Part 2 – Slowing the Spread of Litigation: An Update on First Circuit COVID-19 Tuition Refund Class Actions
Part 2: The Legal Backdrop
In Part 1 of this series, we provided a brief overview and introduction of the Boston-based COVID-19 tuition refund class action cases, noting generally that most similar suits haven’t made it very far, as courts tend to rule early and often for the educational institution. Below is a brief discussion of some common pitfalls that have repeatedly plagued this type of litigation.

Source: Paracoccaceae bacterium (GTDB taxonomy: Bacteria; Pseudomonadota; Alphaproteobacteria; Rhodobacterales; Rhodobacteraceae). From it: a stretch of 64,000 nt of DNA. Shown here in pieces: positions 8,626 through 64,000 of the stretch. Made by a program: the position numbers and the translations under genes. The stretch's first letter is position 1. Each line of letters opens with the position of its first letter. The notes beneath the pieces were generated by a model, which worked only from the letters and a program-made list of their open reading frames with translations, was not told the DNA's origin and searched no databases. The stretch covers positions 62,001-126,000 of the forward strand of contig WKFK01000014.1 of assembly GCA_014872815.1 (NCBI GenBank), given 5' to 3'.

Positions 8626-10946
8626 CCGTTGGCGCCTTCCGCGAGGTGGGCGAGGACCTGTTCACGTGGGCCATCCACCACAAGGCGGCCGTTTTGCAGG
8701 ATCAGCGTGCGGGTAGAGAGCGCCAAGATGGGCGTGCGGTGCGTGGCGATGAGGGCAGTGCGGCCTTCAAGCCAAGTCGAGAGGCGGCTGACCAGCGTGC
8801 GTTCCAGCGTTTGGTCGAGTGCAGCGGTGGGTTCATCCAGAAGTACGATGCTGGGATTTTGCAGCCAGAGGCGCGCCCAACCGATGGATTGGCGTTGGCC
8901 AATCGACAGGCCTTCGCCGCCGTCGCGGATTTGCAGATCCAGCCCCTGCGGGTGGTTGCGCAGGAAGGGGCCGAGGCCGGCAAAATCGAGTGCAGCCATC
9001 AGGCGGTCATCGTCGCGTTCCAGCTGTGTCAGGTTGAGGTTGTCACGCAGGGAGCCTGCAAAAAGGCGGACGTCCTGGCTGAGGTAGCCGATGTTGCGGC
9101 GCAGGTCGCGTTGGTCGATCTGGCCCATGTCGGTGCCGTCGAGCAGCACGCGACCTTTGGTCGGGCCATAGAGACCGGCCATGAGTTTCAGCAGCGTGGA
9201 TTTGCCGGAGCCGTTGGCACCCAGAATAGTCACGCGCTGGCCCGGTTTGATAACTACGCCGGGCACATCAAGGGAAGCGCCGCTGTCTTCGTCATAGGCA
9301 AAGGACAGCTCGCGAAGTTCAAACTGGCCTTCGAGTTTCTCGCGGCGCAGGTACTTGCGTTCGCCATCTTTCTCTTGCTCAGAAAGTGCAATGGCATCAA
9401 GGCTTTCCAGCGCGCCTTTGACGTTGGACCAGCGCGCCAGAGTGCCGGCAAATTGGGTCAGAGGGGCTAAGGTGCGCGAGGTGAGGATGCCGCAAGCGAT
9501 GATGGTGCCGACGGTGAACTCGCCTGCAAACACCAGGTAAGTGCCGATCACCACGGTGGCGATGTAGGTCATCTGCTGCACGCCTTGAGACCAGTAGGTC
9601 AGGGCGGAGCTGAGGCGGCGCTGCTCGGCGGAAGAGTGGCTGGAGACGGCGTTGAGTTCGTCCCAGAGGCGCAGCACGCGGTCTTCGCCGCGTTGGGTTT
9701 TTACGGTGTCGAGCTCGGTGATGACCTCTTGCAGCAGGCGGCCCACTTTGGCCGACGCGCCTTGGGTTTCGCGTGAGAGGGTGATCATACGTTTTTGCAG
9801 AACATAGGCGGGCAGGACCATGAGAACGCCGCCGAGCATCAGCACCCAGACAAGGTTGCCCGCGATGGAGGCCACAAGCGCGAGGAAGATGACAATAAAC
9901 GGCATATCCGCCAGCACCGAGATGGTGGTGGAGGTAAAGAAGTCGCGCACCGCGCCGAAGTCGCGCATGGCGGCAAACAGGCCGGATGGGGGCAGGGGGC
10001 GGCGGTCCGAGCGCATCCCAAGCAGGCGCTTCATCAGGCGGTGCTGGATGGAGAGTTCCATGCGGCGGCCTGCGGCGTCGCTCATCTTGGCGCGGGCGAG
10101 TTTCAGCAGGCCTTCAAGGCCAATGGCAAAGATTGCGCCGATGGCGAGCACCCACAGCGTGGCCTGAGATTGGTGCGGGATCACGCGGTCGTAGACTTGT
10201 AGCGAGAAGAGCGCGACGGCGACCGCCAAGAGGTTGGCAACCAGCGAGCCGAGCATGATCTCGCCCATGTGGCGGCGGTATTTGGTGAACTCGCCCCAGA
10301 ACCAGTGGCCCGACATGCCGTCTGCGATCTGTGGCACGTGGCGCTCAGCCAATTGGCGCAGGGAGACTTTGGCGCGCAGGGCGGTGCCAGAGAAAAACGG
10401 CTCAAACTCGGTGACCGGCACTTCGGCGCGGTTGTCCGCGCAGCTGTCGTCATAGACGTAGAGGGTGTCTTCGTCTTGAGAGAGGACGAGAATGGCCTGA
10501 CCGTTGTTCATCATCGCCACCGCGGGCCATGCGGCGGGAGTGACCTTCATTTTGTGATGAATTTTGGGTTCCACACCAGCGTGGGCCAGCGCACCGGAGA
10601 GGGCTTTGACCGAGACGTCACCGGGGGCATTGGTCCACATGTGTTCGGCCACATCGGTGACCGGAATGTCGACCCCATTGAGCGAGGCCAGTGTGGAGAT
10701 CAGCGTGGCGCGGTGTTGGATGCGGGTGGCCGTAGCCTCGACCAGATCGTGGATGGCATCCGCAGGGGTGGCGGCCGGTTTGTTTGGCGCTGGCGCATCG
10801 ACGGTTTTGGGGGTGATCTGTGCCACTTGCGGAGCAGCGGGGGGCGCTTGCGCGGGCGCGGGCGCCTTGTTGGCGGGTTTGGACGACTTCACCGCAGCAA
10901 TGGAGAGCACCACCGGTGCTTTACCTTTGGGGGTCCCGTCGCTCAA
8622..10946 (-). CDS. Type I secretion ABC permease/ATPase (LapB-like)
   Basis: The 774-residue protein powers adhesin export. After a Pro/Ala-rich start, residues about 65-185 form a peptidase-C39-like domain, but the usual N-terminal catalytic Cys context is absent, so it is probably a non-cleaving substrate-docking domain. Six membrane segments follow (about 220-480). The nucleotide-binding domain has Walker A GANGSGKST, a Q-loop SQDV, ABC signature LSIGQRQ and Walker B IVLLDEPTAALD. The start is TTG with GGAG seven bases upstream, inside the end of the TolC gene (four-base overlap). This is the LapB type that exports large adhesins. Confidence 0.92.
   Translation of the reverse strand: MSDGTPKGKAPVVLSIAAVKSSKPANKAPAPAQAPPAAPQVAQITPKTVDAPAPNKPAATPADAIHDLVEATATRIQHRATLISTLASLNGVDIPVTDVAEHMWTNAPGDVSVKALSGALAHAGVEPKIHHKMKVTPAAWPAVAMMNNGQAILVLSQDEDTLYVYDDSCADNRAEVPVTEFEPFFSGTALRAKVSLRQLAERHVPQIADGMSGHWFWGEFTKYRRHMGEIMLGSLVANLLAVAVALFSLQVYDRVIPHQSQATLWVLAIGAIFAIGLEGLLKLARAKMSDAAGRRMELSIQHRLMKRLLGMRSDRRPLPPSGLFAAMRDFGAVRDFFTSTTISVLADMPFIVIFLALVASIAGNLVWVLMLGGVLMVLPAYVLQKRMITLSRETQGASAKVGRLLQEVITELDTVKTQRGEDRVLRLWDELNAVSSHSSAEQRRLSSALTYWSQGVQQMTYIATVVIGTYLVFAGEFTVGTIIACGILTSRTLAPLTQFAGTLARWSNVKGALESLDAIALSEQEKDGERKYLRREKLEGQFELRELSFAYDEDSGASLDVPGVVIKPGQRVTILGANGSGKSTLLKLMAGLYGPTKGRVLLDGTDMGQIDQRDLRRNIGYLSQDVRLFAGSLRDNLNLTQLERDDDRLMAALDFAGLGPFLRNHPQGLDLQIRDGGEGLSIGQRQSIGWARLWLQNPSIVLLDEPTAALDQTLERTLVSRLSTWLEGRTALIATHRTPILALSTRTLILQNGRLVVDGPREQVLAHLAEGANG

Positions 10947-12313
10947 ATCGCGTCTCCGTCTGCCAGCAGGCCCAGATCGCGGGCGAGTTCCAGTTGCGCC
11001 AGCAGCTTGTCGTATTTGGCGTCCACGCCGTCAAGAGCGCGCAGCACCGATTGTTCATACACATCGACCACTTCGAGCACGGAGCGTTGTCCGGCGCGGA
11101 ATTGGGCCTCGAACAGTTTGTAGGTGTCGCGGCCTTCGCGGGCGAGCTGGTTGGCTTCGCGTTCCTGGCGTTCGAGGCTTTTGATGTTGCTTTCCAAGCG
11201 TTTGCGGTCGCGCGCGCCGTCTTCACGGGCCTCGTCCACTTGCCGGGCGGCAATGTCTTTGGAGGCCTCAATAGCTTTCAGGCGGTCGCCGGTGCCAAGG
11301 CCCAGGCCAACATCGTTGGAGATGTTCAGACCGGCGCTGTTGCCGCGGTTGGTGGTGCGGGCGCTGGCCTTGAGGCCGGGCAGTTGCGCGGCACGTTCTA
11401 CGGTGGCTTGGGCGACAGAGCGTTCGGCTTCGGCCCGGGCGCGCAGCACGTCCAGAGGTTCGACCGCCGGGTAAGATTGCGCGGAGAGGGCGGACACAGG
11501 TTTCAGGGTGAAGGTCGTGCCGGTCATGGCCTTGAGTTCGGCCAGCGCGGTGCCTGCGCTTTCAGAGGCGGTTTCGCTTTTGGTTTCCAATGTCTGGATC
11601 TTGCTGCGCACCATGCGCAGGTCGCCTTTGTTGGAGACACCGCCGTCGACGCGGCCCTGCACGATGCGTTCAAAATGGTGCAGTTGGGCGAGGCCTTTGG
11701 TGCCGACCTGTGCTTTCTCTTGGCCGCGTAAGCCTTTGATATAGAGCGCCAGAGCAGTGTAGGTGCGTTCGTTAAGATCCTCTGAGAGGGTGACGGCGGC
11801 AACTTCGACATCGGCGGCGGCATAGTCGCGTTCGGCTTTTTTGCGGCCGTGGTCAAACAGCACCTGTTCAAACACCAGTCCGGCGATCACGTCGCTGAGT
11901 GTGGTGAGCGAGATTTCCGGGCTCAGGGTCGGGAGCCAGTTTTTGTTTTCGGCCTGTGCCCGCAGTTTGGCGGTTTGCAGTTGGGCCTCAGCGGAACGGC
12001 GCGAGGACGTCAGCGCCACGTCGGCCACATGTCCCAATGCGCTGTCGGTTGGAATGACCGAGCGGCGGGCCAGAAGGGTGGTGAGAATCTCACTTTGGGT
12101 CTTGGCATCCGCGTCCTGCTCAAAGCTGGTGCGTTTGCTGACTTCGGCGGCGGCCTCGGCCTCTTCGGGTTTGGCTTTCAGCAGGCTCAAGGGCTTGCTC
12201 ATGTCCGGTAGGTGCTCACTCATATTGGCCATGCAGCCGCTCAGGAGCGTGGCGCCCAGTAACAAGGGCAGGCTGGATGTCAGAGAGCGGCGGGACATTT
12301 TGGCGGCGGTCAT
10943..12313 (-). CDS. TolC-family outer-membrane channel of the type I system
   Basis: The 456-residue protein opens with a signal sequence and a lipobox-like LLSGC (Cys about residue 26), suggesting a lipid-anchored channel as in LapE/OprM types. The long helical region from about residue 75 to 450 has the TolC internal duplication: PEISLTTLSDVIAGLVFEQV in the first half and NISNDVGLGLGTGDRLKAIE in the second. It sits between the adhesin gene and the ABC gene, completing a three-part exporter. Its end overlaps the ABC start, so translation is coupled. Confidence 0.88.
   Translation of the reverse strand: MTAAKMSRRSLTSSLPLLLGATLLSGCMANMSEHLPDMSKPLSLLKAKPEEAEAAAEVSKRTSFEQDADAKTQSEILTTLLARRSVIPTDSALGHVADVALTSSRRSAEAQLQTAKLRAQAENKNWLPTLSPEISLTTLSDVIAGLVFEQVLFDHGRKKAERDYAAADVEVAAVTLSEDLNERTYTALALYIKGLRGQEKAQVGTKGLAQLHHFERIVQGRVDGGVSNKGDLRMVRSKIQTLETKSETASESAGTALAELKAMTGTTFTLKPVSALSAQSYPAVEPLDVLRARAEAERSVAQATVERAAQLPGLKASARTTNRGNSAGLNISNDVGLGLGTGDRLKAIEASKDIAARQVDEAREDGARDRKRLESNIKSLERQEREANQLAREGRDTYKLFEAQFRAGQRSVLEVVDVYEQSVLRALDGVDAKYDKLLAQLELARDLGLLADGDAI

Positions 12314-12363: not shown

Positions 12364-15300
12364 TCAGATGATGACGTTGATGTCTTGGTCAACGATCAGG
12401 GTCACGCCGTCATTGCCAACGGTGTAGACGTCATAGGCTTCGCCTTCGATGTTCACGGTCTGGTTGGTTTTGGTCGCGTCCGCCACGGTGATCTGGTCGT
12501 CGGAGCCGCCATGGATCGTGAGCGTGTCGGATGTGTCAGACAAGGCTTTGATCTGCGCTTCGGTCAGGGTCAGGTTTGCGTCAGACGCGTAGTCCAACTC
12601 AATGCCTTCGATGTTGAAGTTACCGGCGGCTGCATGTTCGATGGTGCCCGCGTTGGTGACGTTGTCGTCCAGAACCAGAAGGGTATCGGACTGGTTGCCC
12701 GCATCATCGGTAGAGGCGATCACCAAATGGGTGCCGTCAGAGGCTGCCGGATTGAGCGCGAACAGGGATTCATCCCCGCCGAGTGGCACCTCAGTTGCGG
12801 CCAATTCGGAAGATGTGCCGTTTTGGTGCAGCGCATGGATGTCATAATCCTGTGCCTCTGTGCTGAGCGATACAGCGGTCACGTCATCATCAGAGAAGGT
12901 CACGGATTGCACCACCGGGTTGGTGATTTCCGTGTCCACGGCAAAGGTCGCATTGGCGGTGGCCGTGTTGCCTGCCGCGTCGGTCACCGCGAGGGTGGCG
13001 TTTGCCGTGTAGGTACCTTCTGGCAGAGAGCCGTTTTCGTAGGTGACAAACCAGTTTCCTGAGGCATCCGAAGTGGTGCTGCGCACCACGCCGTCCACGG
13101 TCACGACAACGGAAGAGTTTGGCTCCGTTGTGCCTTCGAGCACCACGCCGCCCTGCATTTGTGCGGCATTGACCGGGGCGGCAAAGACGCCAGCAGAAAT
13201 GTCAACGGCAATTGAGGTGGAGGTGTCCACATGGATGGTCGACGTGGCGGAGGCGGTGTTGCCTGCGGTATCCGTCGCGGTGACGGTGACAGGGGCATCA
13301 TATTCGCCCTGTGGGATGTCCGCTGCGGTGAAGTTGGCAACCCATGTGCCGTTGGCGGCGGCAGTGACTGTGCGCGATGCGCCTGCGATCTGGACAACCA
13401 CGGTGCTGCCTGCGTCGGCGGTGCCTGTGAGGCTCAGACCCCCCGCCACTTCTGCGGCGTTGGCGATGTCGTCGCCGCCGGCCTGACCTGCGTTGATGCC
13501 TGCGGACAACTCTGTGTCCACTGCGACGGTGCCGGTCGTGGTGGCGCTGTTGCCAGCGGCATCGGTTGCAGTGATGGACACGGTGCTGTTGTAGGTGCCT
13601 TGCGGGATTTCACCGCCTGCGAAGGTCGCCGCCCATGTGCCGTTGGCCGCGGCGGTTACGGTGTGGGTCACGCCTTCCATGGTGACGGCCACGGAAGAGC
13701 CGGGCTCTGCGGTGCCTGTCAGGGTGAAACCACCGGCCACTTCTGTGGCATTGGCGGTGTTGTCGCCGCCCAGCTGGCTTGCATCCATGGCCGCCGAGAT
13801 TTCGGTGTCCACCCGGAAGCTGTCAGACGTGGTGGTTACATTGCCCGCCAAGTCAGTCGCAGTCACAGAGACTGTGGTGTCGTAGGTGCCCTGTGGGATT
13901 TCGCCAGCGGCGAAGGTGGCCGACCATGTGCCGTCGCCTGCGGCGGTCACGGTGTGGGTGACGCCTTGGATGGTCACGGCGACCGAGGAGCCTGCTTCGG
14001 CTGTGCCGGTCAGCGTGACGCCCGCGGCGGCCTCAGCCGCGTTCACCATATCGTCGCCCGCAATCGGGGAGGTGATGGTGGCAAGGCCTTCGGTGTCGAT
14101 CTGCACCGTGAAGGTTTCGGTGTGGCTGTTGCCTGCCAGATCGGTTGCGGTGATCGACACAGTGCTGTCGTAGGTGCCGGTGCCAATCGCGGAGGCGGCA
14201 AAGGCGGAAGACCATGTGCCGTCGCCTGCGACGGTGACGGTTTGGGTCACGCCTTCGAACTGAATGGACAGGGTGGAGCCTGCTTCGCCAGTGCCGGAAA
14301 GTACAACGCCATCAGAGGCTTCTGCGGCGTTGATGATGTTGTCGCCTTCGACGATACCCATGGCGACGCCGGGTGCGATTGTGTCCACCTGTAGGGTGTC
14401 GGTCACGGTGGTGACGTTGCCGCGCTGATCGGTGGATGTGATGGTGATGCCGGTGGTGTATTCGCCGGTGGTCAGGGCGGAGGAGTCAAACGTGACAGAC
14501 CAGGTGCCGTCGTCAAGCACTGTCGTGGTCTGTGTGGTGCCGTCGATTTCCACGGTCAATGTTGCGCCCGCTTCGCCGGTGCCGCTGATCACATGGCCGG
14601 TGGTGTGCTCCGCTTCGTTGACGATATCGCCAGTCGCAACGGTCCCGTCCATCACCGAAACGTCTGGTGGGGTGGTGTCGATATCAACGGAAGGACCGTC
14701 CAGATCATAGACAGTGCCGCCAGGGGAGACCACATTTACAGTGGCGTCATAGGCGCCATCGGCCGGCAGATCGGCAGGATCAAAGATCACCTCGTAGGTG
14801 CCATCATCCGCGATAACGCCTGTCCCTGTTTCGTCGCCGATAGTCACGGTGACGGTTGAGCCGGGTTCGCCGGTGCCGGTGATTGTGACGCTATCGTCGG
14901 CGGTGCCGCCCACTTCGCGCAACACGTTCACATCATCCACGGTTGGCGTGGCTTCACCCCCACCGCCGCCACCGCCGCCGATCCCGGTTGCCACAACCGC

Framing the Case
One threshold hurdle is that COVID-19 tuition reimbursement cases against public colleges and universities are often dismissed in the earliest stages of litigation under sovereign immunity, leaving cases against private institutions with the most possibility for advancement. Even in those cases, however, courts often find that plaintiffs’ claims are not properly framed. For example, although some states permit claims for educational malpractice, plaintiffs often run into problems in attempting to establish a basis on which to evaluate the quality of services provided by the educational institution. To